The RX and the City

She roars across the city raising the dust in its tracks. It clears all the traffic in its way no matter how thick it is.  She feels like a monster and guzzles fuel by the gallon. It is a long standing symbol of power, aggression and arrogance. And no, I am not talking about the Humvee or the Haryana Roadways bus. She is my Yamaha RX-135, set loose in the city of Bangalore. 

Lets start with the numbers first. I own a 2001 model, bought second hand for Rs. 25,000. It had been ridden 20,000 km then (and now after a year it is 30,000 km). For the unfamiliar, she has a single cylinder, two stroke engine, with a displacement of 132.00 ccm which gives a 12 bhp burst at 6500  rpm, and a torque of 12 nm at 5500 rpm. In other words, a 0-60 kmph in 5 sec. She has a 4-speed gear box and a top speed of 120 kmph. She is small in size and weighs less than 100 kg (its power-to-weight ratio is more than that of a mini cooper) which gives it an outstanding maneuverability, making it a perfect city bike: and me and her have been through a lot on the streets of this city.
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When I first came to Bangalore, it was my dream to own a Bullet. But due to the lack of availability, slow disillusionment and the congested roads, I went for an RX. I finally landed a good deal after looking for two weeks. 

I was now an owner of an RX, and I couldn't fully appreciate this then, but I could see of what this bike meant for the previous owner. He was teary eyed when he had to part with her. He took some snaps and nostalgically told me stories like how he used to beat every other bike when he was riding this one. Now, after a year, I understand what this bike meant to him and I am sure I am not ever letting go of her.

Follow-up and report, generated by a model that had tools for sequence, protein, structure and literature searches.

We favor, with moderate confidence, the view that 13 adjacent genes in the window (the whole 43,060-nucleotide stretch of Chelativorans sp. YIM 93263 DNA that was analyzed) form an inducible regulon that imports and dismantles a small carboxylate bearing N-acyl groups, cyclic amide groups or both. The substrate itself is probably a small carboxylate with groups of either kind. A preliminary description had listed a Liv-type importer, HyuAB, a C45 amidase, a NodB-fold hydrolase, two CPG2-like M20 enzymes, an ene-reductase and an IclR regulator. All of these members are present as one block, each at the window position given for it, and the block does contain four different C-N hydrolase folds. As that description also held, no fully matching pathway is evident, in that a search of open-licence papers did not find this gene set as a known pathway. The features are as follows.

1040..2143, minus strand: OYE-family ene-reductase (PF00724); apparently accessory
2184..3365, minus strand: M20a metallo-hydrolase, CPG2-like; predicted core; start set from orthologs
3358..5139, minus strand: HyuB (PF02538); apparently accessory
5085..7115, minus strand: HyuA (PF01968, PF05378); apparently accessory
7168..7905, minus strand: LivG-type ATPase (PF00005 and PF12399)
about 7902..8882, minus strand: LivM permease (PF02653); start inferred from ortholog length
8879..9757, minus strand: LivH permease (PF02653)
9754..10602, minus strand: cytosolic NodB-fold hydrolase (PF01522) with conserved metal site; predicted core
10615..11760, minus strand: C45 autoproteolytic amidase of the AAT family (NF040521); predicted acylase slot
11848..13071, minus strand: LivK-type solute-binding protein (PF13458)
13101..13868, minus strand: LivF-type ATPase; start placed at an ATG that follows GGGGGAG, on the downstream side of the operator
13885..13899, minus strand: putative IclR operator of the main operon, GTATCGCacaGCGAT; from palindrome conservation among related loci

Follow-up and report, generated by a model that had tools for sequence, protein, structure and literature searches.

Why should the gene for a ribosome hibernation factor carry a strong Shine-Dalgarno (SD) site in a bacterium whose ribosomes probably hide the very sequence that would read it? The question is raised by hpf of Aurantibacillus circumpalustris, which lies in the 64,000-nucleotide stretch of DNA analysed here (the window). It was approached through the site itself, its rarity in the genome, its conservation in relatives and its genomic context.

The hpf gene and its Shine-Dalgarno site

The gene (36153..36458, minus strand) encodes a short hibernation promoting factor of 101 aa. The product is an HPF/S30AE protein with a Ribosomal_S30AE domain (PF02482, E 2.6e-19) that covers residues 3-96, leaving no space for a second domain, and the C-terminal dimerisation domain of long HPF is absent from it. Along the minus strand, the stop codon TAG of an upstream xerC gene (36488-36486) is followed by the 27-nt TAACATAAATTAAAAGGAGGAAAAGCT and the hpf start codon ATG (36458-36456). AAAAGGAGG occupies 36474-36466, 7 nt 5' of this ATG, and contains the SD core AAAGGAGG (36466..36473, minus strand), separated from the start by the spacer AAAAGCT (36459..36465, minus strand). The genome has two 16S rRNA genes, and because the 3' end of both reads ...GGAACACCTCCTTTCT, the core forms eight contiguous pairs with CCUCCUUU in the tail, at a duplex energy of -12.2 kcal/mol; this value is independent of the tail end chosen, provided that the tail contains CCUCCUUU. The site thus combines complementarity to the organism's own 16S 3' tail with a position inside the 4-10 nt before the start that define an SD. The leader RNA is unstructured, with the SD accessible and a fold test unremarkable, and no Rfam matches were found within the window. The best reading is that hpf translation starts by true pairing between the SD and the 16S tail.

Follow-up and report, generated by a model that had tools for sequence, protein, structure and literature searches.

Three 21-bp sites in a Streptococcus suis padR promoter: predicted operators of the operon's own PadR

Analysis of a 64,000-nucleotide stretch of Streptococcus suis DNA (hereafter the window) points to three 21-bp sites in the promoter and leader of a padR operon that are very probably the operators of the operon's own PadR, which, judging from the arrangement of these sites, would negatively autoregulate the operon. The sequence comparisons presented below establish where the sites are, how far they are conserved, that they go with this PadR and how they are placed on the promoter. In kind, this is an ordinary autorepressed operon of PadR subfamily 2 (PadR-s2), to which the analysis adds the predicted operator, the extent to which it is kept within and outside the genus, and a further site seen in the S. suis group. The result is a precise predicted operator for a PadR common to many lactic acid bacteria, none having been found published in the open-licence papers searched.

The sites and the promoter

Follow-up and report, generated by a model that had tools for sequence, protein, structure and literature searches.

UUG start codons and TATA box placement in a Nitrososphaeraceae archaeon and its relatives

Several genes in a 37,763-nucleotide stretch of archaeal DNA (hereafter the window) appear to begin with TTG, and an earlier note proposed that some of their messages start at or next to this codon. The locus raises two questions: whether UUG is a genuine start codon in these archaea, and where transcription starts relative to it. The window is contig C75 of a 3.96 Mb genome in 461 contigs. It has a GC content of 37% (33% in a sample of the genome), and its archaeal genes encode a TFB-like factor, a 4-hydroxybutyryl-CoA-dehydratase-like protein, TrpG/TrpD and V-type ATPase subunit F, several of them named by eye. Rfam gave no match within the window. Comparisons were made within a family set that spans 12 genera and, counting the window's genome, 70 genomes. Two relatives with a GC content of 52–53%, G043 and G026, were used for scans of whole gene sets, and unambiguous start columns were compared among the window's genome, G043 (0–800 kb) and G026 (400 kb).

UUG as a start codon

Irrespective of what people say, owning a bike like an RX is like owning a pet tigress or having a girlfriend. If you understand her well, treat her with respect, take care of her and trust her, she can go a long way, through thick and thin. Otherwise, she will make your life hell. This is something I got to learn on the very first day. I was having starting problem with the bike and had to drag her for three kilometers, mean while, getting wet in the famous Bangalore rains. It turned out that I had not put enough lubricant in the fuel, was giving the wrong amount of race while starting and the bike needed to be re-tuned. Today, I know her a lot better and I actually look forward to the rains. 

She herself too has gone through a lot of changes: both tires (they were extremely worn off), the battery (it was almost dead), the handle, fork and the wiring (a truck had literally run over her). But her heart (the engine) is still as mighty as ever.